When filmmaker Jessica Dimmock, a Directors Guild of America member, needed time off work to bond with her new baby and recover from the birth in 2017, she encountered a little-known challenge: DGA policy demands members meet a minimum earnings requirement, and taking that time off meant losing her health insurance at a time when she needed it most. Now Dimmock, and some of Hollywood’s biggest names, want to change that rule.
Dimmock has penned an open letter to the DGA, published Wednesday on a newly created DGA Parenthood Penalty website, seeking an extension of the qualifying period for DGA health insurance coverage from 12 months to 18 months for new mothers, so that they can meet the annual earnings minimum.
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The letter’s main request of the DGA is as follows: “New mothers should be afforded additional time to make their yearly minimum in the year that they give birth. This provides new parents the opportunity to take the time they need to physically care for their child as well as recover and recuperate.” The letter continues, “Women will return to their work better equipped to handle the challenges of balancing parenting and work and better equipped to delve into their future projects.” The proposed policy would apply for adoptive parents as well.
Over 40 women has signed Dimmock’s letter in support, among them Amy Schumer, Amy Poehler, Ava DuVernay, Greta Gerwig, Kerry Washington, Lena Waithe, Brie Larson, Elizabeth Banks, Eva Longoria, and Lena Dunham.
A representative for the DGA responded to the letter, stating: “The matter was recently brought to the DGA, and we have asked the Plans to examine it.” The rep is referring to the DGA-Producer Pension and Health Plans, which is an independent organization that manages healthcare plans for members.
The campaign announcement comes just three days before the 72nd DGA Awards show (January 26), making it a likely hot topic of conversation during the evening of the event. The guild is already under fire for shutting out women directors from nominations in its Feature Film category this year, though women filmmakers are represented in the First-Time Feature category, including Mati Diop (“Atlantics”), Alma Ha’rel (“Honey Boy”), and Melina Matsoukas (“Queen & Slim”).
The full letter from the “DGA Parenthood Penalty” follows.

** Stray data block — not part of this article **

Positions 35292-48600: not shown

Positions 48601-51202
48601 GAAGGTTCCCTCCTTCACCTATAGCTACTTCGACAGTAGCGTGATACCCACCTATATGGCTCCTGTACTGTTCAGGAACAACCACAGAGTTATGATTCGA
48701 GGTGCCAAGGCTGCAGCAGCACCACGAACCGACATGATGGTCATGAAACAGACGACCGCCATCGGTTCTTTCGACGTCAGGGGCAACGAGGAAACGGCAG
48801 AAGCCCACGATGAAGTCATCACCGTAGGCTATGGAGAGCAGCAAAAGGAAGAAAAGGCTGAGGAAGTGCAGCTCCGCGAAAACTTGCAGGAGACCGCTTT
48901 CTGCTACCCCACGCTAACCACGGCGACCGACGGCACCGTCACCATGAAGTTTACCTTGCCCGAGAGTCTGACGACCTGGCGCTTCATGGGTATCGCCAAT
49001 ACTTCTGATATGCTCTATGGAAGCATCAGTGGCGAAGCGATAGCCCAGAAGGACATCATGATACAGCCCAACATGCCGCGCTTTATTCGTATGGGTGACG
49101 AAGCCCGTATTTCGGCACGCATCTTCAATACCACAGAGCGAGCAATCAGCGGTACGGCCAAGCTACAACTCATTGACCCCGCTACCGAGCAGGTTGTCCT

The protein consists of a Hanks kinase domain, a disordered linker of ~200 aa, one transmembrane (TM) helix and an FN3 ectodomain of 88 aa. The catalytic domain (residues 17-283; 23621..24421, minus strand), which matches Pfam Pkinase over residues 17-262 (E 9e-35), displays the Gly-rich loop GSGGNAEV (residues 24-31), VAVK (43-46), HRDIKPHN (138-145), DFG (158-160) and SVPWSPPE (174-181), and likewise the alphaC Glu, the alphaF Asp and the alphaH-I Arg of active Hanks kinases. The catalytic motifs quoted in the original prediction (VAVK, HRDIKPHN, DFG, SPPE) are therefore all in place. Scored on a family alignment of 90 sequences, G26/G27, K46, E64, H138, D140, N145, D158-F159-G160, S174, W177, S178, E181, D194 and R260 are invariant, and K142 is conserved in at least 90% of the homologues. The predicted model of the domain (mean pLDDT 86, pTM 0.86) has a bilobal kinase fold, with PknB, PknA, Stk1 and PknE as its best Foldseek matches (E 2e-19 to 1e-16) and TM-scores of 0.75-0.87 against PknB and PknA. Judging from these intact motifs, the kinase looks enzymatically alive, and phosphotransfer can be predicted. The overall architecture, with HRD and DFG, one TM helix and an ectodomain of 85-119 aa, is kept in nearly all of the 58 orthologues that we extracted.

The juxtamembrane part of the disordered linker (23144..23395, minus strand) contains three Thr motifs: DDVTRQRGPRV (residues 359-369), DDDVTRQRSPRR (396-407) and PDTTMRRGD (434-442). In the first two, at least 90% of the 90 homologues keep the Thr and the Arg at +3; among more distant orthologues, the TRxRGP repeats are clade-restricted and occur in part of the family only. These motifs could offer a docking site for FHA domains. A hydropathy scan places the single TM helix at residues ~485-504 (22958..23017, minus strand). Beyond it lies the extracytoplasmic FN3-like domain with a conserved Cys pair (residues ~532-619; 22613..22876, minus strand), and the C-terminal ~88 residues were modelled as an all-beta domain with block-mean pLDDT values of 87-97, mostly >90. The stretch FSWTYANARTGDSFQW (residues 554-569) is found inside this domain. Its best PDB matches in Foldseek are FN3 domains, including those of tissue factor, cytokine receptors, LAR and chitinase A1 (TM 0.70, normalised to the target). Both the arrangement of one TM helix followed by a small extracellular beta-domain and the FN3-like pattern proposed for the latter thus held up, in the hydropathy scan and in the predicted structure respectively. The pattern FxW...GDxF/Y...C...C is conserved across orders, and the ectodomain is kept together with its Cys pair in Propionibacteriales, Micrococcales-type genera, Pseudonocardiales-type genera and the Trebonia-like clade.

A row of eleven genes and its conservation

To the Board of the DGA,
I joined the DGA in 2017 while co-directing the Netflix series ‘Flint Town’ with my partner. I was pregnant at the time and worked until the day I gave birth. However, after the birth of my daughter it was necessary that I take some time to care for her and recover physically. My partner was not faced with quite the same physical pressures. That first year, while my partner retained his yearly minimum, I did not. I needed to switch to Cobra with enormous monthly fees while he retained his healthcare. Because my directing partner is also our child’s father, I was able to see in such a clear way the ways that having a child impacted me and not him, even though we were similarly situated. Since then, I’ve spoken to other members of the DGA who have had similar experiences.
As it stands, the DGA offers no form of leave for women in the lead-up and following child birth. In order to retain benefits, all members must reach a yearly minimum. Women, being underrepresented in this field, are already at a disadvantage towards reaching these minimums. To state the obvious, directing is a rigorous, intensive endeavor, often taking place away from home. Pregnant women are not allowed to travel until their final trimester, putting them at a disadvantage from the start. Add to this the stigma of applying for directing jobs while visibly pregnant. Subsequently, women are penalized for having children in a way that their male counterparts are not. Failure to meet yearly minimums introduces economic and health care insecurity when it could be argued that it is needed most. And, importantly, a lack of maternity leave will continue to be an obstacle in achieving parity in the field of directing unless corrected. It is imperative that in this moment of such positive gains that we work to clear this obstacle.
Over the past several years major strides towards inclusivity have been made. The DGA diversity report released in November shows that women directing episodic television rose to a record of 31%, more than doubling the last five years. 2020 is forecasted to continue in this positive direction and it is both encouraging and timely that these changes are happening.
The right to maternity leave is part of an important national discussion and ranks as the most important benefit to workers. Implementing forms of maternity leave will increasingly become the norm, and this gives the DGA an opportunity to put their efforts behind their stated goals of gender equality and will provide a reputation boosting moment when implemented.
Here is our ask. New mothers should be afforded additional time to make their yearly minimum in the year that they give birth. This provides new parents the opportunity to take the time they need to physically care for their child as well as recover and recuperate. Women will return to their work better equipped to handle the challenges of balancing parenting and work and better equipped to delve into their future projects. This should apply for adoptive parents as well.
At its core, we know that this isn’t just about numbers. Numbers matter. They show us how great the gap has been. But ultimately, this is about spaces for stories that stretch beyond a single perspective.
Thank you for your attention to this matter.
Jessica Dimmock, Director
Alma Har’el, Director and founder of Free the Work
Brooke Posch, Partner at Jax Media
Lilly Burns, Director and co-founder of Jax Media
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